Hereford United have reached an agreement with Revenue and Customs over the settlement of their unpaid VAT and PAYE bills, which has enabled the Bulls to have their transfer embargo lifted.
The £70,000 payment they are due to receive from having their FA Cup second round tie at Cheltenham televised has eased their financial problems.
But it left manager Martin Foyle with too little time to make any signings.
The transfer loan window closed on Thursday at 17:00 GMT.
"It's great news from a personal point of view," Foyle told BBC Hereford and Worcester. "But it only gave me 24 hours to try to move something or try to find something.
"I made a lot of phone calls, but it was a tough ask, All the players I had targeted had got fixed up elsewhere.
"Fair play to the chairman and the board of directors, and also the supporters who have funded the club over the past few weeks,"
Foyle's main priority when the transfer window reopens in January could still be a striker, having lost top scorer Ryan Bowman (hamstring), who misses Saturday's FA Trophy third qualifying round date at Ebbsfleet (24 November, 15:00 GMT).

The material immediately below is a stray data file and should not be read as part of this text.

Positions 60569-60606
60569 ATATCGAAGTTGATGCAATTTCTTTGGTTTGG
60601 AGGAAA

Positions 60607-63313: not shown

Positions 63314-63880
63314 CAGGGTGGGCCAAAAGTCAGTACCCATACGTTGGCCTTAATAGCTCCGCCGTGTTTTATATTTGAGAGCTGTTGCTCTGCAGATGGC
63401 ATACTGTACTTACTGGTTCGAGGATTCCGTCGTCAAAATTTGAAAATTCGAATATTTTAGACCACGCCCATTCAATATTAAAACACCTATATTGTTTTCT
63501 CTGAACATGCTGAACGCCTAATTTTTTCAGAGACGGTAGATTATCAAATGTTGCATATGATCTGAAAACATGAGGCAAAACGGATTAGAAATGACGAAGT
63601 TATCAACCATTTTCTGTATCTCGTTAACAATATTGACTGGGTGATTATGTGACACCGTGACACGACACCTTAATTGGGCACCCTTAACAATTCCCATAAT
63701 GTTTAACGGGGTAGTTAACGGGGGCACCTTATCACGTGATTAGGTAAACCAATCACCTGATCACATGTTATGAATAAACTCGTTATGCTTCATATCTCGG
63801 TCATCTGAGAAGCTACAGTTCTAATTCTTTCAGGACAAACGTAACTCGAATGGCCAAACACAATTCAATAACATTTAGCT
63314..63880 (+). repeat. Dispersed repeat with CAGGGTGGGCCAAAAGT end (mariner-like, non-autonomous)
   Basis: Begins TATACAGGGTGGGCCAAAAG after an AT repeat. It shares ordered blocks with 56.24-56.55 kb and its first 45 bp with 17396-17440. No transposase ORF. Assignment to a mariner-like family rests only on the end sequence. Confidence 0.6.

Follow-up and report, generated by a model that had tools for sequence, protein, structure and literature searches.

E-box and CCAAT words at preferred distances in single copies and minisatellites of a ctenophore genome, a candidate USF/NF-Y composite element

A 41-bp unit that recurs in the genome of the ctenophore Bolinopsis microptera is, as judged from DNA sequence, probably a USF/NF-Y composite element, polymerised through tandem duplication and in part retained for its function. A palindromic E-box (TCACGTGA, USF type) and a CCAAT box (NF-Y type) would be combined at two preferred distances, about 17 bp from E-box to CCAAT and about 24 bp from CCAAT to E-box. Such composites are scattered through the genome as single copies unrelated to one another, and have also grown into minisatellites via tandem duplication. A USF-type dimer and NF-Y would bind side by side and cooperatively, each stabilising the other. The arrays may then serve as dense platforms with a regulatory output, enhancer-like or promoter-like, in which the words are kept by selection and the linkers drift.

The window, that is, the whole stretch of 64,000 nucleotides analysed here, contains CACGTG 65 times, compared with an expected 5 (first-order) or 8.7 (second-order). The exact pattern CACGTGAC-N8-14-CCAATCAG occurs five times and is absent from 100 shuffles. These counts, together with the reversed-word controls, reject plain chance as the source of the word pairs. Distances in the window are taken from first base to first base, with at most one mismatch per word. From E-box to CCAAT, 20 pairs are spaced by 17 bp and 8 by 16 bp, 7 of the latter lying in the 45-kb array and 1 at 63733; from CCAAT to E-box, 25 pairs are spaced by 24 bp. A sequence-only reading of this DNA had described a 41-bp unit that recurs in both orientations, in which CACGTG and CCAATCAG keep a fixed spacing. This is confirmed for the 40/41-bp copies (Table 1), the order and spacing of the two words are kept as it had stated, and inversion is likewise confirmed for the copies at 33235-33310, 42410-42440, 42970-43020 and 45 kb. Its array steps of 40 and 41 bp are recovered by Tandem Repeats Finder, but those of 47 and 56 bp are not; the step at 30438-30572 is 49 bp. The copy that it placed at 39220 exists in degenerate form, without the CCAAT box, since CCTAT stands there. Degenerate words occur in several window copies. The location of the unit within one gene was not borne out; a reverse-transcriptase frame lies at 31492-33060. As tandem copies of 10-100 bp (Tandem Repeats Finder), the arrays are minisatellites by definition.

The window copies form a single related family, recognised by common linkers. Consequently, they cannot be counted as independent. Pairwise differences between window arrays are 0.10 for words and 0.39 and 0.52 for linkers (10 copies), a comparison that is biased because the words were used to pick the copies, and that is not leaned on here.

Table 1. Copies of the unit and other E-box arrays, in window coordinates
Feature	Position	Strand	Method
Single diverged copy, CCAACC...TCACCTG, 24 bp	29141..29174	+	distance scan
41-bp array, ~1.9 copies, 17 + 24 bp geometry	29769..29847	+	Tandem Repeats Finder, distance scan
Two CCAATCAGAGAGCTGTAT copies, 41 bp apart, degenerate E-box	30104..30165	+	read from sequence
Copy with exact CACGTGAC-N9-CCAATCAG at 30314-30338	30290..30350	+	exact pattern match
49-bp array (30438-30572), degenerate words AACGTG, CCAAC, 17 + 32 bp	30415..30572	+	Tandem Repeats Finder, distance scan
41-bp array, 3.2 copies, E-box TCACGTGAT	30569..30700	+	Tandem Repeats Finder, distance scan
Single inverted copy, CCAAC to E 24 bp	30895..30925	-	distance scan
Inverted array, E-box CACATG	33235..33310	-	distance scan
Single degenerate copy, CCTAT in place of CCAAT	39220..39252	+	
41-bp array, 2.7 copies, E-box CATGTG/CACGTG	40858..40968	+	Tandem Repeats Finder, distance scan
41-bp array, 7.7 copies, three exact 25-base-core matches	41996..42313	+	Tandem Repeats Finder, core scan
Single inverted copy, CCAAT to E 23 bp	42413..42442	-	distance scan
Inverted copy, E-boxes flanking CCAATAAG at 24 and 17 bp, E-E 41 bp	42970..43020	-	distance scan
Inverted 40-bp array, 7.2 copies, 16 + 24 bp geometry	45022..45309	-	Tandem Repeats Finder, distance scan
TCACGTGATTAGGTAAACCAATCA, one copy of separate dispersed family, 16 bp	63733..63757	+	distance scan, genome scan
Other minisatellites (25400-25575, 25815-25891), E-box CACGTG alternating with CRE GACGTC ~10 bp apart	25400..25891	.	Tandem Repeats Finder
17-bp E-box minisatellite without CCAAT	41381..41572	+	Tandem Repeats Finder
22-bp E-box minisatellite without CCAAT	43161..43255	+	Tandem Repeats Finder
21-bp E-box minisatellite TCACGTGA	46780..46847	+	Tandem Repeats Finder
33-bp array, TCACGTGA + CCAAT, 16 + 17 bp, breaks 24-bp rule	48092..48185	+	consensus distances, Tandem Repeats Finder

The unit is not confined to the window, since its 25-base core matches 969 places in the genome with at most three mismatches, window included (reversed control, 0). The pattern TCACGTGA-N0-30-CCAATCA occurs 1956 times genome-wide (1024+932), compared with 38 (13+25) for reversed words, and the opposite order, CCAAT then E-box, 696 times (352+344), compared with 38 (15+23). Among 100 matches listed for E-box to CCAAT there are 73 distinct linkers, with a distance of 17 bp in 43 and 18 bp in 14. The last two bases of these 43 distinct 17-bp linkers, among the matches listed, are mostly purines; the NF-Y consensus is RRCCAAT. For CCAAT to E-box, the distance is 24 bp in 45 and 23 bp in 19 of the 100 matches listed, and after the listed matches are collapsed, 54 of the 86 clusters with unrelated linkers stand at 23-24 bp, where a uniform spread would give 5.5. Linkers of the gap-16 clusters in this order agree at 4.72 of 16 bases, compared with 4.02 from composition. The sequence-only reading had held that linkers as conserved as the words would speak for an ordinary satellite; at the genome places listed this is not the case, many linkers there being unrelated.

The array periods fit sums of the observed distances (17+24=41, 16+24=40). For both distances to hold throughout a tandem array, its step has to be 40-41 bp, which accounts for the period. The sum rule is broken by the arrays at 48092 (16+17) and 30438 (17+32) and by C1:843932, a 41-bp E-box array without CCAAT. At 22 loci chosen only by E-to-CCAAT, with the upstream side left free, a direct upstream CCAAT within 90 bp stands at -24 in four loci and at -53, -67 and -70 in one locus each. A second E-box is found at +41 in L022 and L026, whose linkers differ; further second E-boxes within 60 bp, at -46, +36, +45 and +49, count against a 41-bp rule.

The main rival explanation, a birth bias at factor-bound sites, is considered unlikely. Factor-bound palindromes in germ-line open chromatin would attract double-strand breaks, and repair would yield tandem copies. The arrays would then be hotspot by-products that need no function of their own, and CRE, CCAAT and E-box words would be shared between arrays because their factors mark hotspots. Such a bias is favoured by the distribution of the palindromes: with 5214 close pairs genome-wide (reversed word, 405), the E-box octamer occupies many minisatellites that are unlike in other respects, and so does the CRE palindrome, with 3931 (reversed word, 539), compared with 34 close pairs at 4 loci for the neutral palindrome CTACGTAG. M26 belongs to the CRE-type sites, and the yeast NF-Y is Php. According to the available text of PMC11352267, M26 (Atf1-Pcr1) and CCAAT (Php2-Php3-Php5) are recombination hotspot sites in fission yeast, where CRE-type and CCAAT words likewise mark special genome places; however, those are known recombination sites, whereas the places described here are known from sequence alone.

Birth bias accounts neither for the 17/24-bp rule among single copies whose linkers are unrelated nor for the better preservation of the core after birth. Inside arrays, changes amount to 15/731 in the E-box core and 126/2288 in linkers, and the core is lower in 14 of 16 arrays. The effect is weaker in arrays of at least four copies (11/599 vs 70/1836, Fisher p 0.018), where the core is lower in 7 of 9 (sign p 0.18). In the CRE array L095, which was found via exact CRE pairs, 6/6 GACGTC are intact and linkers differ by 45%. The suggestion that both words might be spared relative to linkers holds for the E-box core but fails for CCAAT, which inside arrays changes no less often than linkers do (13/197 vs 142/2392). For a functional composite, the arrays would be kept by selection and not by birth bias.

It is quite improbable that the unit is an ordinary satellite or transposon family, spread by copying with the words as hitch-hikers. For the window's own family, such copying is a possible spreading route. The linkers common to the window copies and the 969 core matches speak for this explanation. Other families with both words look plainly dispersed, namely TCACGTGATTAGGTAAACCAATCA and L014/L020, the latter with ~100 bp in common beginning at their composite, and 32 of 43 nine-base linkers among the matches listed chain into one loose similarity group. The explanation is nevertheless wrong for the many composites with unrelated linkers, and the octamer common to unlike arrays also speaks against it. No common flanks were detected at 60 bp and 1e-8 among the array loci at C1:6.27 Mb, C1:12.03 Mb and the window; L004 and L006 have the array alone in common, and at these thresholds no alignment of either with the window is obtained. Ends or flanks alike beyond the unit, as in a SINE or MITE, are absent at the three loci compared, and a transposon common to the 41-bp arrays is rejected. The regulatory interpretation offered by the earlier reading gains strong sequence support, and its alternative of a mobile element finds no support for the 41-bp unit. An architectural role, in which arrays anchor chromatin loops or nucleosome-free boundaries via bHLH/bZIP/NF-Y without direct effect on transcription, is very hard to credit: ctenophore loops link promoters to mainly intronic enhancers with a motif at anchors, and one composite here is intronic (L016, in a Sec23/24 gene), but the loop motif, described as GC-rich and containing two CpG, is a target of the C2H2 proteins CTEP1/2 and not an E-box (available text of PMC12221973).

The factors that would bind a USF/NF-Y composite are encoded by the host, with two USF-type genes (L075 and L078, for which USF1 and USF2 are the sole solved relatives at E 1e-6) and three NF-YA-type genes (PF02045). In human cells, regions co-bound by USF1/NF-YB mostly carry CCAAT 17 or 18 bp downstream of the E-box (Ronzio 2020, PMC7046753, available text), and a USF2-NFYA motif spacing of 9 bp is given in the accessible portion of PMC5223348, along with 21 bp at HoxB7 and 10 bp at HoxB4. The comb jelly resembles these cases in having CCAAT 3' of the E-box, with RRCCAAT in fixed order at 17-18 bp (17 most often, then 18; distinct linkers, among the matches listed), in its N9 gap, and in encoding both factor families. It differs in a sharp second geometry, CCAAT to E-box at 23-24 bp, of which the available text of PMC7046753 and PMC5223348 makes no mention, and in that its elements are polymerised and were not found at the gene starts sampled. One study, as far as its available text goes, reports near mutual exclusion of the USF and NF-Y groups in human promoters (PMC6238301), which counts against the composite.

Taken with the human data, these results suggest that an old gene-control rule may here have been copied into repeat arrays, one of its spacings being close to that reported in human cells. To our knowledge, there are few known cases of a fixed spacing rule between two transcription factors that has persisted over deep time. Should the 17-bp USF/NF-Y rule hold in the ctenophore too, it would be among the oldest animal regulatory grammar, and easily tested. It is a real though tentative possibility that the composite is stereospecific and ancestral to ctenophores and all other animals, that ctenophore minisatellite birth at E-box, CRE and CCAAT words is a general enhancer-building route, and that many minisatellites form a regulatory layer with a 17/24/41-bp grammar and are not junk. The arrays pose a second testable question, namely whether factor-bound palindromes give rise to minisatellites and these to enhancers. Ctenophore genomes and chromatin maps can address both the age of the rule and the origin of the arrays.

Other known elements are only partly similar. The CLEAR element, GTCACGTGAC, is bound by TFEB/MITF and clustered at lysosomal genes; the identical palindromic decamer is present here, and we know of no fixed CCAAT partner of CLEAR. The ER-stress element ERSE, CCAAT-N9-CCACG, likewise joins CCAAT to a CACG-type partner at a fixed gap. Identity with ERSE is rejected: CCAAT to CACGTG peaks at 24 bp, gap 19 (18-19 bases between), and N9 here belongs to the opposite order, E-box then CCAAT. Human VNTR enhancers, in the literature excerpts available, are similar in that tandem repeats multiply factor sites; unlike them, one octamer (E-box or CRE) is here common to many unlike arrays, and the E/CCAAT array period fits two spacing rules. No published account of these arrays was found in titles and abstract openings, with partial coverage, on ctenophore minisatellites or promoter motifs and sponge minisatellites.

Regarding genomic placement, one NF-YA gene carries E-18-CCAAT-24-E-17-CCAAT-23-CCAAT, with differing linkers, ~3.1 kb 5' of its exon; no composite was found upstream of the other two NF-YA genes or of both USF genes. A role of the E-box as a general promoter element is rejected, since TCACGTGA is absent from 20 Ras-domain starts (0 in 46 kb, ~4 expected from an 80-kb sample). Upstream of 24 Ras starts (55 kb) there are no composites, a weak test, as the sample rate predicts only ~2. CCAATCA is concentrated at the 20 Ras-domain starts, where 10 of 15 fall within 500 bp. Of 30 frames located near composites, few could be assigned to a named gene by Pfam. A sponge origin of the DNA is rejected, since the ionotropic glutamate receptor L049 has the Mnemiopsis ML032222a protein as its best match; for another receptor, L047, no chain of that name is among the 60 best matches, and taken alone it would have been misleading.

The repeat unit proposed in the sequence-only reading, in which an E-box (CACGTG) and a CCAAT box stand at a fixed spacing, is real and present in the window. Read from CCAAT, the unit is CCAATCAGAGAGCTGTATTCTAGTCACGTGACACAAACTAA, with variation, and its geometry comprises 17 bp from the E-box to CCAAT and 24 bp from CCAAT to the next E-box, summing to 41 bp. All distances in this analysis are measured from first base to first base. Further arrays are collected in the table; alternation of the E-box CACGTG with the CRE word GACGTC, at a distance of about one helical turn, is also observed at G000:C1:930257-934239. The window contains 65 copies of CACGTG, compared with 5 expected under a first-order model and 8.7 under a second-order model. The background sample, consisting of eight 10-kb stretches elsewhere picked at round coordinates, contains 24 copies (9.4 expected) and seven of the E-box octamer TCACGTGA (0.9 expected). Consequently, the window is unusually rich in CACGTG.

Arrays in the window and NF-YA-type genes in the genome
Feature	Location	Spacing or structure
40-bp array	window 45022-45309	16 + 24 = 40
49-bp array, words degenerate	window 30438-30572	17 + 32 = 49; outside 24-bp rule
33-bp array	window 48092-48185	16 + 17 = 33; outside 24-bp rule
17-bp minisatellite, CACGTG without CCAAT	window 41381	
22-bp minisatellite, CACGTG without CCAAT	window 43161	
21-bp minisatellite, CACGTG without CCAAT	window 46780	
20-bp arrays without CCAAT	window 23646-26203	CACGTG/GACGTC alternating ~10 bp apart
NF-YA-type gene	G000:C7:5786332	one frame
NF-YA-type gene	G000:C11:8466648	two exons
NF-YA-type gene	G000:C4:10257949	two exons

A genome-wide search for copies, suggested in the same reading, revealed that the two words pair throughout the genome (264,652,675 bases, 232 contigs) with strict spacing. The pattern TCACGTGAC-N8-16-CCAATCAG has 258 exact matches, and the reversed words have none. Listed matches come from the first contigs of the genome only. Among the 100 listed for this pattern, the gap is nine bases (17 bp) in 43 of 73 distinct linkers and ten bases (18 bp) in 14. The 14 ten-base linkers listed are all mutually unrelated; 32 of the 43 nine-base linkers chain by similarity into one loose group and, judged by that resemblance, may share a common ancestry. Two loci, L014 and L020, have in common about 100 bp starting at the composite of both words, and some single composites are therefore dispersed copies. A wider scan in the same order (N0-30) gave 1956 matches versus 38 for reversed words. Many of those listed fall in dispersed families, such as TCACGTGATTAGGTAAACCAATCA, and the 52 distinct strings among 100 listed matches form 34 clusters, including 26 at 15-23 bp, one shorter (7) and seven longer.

The Blue Square Bet Premier club owe around £120,000 in VAT and PAYE payments to HMRC, but have gradually been refilling their coffers since chairman David Keyte first warned last month that they were close to going into administration.
The FA Cup first round win over Graham Turner's Shrewsbury Town on 3 November generated £38,000 - a combination of prize, gate and TV money.
They are now due £70,000 in TV funding alone from the Cheltenham game (which will be covered by ESPN) and they have also netted a further five-figure sum from a sponsorship deal for the club's dugouts.
Added to that, Bulls fans have raised more than £20,000 from a host of different fundraisers, including head shaves and bucket collections, while one group of fans are to undertake a 20-mile sponsored walk from Malvern to Edgar Street this Saturday (24 November).
"I would particularly like to thank all those supporters and friends of the club who have dipped into their pockets," said Keyte.